New director-general Tim Davie is prepared to sack presenters and ‘take people off Twitter’ if staff fail to follow new tough rules on the use of social media
The BBC today announces tough rules on staff use of social media – clamping down on tweets and lucrative outside work – under the new director-general’s impartiality crackdown.
It is expected to include more stringent measures for those working in news and current affairs, as well as harsh penalties for those who break the rules.
New guidelines will also be released around moonlighting for private companies. It comes after Tim Davie, who took the helm last month, pledged to clamp down after a series of impartiality rows.
The 53-year-old has said the rules would be enforced, adding that he is prepared to sack presenters and ‘take people off Twitter’. A list of ‘dos and don’ts’ for staff posting online will be enforced with disciplinary action applied on a case-by-case basis.
Those working within news and current affairs will be expected to abide by even stricter measures. A BBC source said: ‘This isn’t about blocking people from posting or using social media, it’s about dealing with the realities of modern, polarised society.’
The Corporation is also planning to force news readers and correspondents to go through a clearance process before they take on lucrative speaking events. A record of the payments is expected to be published for the first time.
It comes after a review by the BBC’s former director of global news Richard Sambrook - dubbed the ‘Twitter spy in chief’ by colleagues - on how staff can maintain impartiality online.
...But Gary still won't play ball
Gary Lineker last night vowed to continue using his ‘large platform’ on social media to share his views.
The former England striker said he welcomes the debate that comes with discussing his opinions – and hopes he can influence ‘one or two’ people.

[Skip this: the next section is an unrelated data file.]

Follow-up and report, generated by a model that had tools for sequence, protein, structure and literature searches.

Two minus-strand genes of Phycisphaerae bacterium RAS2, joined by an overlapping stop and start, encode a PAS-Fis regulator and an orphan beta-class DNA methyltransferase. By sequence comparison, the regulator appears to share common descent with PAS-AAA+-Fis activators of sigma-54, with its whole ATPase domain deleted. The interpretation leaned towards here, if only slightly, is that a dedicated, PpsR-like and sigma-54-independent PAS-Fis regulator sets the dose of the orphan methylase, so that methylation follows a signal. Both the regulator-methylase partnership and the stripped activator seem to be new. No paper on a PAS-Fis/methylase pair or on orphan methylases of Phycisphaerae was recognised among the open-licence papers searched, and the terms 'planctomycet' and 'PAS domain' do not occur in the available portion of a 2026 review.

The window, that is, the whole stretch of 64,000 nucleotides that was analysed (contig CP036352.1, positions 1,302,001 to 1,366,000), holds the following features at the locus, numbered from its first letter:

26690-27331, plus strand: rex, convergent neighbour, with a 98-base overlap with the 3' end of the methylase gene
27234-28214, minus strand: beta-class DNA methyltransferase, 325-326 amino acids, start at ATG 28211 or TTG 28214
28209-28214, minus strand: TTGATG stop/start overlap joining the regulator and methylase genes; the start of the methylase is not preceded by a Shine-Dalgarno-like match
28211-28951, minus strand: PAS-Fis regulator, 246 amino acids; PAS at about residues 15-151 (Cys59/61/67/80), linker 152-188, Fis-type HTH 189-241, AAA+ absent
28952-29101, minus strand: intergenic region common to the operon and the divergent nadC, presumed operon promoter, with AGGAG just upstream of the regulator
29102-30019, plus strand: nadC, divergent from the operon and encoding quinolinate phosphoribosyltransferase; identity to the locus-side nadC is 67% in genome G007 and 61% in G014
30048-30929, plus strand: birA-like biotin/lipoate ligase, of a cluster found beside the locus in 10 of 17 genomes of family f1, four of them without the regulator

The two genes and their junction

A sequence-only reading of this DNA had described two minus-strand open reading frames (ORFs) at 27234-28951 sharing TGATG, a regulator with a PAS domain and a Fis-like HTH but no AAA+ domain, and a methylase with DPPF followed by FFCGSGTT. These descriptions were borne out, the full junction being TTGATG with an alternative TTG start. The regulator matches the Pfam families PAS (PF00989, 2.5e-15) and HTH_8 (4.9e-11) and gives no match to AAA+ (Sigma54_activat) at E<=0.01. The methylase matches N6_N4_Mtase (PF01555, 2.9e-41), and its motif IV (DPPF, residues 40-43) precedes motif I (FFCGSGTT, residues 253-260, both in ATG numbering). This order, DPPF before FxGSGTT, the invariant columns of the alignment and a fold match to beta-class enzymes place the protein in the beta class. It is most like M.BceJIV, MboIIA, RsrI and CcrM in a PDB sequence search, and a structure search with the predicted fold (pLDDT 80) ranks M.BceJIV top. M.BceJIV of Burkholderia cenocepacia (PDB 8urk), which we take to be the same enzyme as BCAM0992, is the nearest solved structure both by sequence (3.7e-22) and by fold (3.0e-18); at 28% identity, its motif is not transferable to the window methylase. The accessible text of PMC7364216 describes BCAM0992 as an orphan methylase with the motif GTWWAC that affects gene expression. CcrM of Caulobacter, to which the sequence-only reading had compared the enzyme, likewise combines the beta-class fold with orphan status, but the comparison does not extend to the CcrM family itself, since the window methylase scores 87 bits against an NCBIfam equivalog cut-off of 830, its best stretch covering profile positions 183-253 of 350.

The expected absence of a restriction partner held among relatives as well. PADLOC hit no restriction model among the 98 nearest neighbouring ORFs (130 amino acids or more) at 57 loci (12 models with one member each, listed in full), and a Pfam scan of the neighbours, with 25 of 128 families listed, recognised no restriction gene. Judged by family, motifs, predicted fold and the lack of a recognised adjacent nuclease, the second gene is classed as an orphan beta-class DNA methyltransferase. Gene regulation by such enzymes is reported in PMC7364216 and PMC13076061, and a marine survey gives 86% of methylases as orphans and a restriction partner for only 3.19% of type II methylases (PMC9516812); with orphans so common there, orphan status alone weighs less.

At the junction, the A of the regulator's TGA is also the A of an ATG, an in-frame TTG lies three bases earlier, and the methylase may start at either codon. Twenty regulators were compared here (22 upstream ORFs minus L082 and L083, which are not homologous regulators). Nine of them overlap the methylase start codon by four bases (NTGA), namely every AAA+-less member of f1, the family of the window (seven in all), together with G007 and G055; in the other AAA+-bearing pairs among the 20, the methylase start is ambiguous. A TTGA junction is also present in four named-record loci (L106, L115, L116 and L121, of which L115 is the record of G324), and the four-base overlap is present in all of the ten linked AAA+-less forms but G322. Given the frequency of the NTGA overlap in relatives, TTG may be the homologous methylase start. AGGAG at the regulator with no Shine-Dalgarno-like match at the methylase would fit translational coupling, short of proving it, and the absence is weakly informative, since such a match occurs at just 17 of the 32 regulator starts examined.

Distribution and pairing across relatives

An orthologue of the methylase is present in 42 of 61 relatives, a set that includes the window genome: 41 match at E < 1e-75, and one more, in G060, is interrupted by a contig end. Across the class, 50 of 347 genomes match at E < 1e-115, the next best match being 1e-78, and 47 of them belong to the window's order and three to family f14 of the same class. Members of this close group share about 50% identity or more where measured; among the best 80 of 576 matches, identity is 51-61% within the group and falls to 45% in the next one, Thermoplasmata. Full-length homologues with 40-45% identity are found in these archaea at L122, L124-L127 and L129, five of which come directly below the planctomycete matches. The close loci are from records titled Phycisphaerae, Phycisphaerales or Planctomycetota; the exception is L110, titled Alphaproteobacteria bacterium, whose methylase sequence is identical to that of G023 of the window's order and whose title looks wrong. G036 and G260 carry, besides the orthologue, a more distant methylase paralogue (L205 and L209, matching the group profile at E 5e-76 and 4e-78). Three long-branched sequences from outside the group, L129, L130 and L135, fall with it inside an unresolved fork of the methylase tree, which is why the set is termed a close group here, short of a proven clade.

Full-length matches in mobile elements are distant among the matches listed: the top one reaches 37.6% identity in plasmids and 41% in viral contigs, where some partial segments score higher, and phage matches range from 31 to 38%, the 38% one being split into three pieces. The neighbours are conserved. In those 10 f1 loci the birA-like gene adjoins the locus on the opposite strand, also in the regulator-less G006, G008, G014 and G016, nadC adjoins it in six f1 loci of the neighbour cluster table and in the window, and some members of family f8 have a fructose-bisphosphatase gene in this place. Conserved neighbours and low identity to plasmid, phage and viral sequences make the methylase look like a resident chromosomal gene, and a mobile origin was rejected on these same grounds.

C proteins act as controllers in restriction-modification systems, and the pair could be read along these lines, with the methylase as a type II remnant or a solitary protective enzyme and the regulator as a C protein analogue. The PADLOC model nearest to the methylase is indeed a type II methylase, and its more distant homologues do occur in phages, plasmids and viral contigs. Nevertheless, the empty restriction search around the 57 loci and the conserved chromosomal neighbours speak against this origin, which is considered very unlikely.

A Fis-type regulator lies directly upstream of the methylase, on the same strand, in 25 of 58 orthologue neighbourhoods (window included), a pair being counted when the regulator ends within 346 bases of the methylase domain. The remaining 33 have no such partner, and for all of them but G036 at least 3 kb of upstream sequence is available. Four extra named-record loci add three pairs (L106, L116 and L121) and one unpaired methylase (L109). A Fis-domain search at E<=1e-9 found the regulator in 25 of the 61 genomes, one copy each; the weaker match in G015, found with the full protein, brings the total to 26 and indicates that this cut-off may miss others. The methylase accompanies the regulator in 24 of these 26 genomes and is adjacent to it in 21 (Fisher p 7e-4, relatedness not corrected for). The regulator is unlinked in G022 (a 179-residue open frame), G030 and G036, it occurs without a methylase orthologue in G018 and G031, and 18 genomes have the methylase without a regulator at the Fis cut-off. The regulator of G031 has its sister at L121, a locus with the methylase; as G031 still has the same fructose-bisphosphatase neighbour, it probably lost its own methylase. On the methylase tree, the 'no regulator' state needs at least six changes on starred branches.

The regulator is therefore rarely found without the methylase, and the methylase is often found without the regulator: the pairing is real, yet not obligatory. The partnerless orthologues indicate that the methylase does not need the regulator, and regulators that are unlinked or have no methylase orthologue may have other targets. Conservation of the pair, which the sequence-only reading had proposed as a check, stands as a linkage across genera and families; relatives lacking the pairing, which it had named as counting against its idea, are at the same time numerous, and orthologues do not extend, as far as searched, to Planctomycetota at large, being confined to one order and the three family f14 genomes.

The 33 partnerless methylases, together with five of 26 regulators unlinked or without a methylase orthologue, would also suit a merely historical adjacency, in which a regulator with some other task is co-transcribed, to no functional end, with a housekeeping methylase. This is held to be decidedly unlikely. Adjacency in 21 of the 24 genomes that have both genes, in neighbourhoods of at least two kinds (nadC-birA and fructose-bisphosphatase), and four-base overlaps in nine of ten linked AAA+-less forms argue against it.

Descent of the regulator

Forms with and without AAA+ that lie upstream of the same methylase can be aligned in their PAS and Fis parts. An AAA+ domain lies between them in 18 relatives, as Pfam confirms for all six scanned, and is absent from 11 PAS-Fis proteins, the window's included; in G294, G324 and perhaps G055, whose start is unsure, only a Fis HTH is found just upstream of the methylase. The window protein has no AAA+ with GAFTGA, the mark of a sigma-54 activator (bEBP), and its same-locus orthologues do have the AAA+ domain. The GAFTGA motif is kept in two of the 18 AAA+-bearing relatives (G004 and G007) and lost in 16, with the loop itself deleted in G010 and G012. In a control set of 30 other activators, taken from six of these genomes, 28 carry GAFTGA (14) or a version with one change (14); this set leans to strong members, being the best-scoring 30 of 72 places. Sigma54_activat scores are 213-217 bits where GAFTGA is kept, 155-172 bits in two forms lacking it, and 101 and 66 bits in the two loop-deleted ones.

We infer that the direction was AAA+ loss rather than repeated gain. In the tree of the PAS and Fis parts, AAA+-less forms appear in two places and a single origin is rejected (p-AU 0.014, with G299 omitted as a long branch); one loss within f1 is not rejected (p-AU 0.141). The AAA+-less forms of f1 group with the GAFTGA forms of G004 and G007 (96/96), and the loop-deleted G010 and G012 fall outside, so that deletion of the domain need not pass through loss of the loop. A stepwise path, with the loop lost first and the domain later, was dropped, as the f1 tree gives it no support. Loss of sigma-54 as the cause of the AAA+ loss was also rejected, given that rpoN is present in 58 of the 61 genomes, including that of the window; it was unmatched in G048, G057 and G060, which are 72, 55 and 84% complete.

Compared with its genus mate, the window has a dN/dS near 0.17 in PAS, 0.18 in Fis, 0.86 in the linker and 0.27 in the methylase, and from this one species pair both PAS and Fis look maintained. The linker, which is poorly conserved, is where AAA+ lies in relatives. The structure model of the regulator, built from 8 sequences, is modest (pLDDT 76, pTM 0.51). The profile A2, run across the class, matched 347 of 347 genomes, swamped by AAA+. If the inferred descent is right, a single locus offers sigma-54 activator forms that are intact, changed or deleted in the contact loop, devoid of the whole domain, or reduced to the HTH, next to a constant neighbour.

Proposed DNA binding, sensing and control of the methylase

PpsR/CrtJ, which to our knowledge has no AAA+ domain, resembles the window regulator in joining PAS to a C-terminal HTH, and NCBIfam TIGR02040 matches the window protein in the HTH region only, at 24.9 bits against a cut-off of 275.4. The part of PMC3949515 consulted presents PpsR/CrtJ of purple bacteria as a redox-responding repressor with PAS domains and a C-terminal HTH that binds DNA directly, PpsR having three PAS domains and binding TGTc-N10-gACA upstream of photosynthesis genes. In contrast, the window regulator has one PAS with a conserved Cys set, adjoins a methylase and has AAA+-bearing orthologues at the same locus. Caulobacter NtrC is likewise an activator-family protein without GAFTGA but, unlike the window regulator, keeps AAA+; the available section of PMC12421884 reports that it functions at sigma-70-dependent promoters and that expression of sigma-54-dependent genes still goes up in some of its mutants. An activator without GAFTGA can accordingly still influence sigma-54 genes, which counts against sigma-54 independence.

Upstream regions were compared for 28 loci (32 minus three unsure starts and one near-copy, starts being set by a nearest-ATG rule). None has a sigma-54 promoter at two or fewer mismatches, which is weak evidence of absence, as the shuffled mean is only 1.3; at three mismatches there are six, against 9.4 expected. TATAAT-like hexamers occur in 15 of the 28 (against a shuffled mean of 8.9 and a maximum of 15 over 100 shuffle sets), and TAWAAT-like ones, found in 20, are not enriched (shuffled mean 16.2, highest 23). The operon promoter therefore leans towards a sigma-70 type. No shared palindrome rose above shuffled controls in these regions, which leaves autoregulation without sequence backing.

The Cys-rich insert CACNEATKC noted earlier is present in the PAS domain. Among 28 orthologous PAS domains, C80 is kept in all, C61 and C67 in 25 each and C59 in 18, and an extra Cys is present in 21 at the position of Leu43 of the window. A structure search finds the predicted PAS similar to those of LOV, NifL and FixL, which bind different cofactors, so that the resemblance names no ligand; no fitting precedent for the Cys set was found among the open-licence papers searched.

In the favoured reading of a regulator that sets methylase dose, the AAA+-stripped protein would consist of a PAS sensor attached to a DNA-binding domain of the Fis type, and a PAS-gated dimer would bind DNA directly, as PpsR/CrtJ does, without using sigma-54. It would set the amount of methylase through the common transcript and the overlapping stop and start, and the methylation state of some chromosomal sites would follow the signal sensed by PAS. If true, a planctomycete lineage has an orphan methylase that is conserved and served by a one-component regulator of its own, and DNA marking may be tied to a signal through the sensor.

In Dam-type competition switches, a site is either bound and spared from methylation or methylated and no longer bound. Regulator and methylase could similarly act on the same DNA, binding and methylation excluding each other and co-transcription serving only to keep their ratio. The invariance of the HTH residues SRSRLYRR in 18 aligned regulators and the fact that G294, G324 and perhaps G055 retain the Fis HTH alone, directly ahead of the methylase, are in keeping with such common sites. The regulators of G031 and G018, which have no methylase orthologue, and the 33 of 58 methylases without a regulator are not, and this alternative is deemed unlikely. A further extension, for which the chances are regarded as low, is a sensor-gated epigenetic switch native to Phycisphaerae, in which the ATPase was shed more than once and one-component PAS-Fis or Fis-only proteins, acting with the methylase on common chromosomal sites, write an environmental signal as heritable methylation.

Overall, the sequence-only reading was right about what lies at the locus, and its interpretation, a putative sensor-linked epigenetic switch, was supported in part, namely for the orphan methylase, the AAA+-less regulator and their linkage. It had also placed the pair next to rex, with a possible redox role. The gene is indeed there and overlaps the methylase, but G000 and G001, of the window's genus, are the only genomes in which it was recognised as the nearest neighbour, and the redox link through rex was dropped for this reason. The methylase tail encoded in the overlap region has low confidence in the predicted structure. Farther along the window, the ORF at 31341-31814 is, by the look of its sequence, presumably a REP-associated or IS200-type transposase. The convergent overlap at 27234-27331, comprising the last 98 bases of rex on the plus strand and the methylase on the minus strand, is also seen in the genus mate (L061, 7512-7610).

Lineker, pictured, told the Between the Lines podcast: ‘I don’t think my views are any more important than anyone else’s.
'But I have a large platform so I try and use it wisely and use it for good.
‘People will disagree with me and that’s fine – I don’t mind debate... I don’t understand abuse.
‘I will share my views and obviously, I believe in what I say and I will stand up for it.’
The new guidance sets out that the reputation for impartiality is ‘an obligation’ and ‘should never been seen as a restriction, or as an inconvenience or anachronism.’
It makes clear that anyone working for the BBC is a ‘representative of the organisation, both offline and also when online, including on social media’.
And that the ‘same standards apply to the behaviour and conduct of staff in both circumstances’.
It is also planning to force news readers and correspondents to go through a clearance process before they take on lucrative speaking events for private firms to avoid a ‘conflict of interests’.
Top presenters including newsreader Huw Edwards, BBC Breakfast’s Naga Munchetty and the north America editor, Jon Sopel, have previously come under fire for topping up their large salaries with cooperate work.
The overhaul comes after a number of impartiality rows including Emily Maitlis’ Newsnight monologue in May about the Dominic Cummings lockdown furore.
She said the Prime Minister’s chief adviser broke the rules and ‘the country can see that’.
During the last election campaign, newsreader Huw Edwards liked a tweet of a video which said ‘Vote Labour for the National Health Service’. Mr Edwards later claimed that he had not seen the ‘Vote Labour’ message at the end of the clip.
Political editor Laura Kuenssberg was also criticised after she wrongly claimed on Twitter that a Labour activist punched a Tory adviser. She later apologised.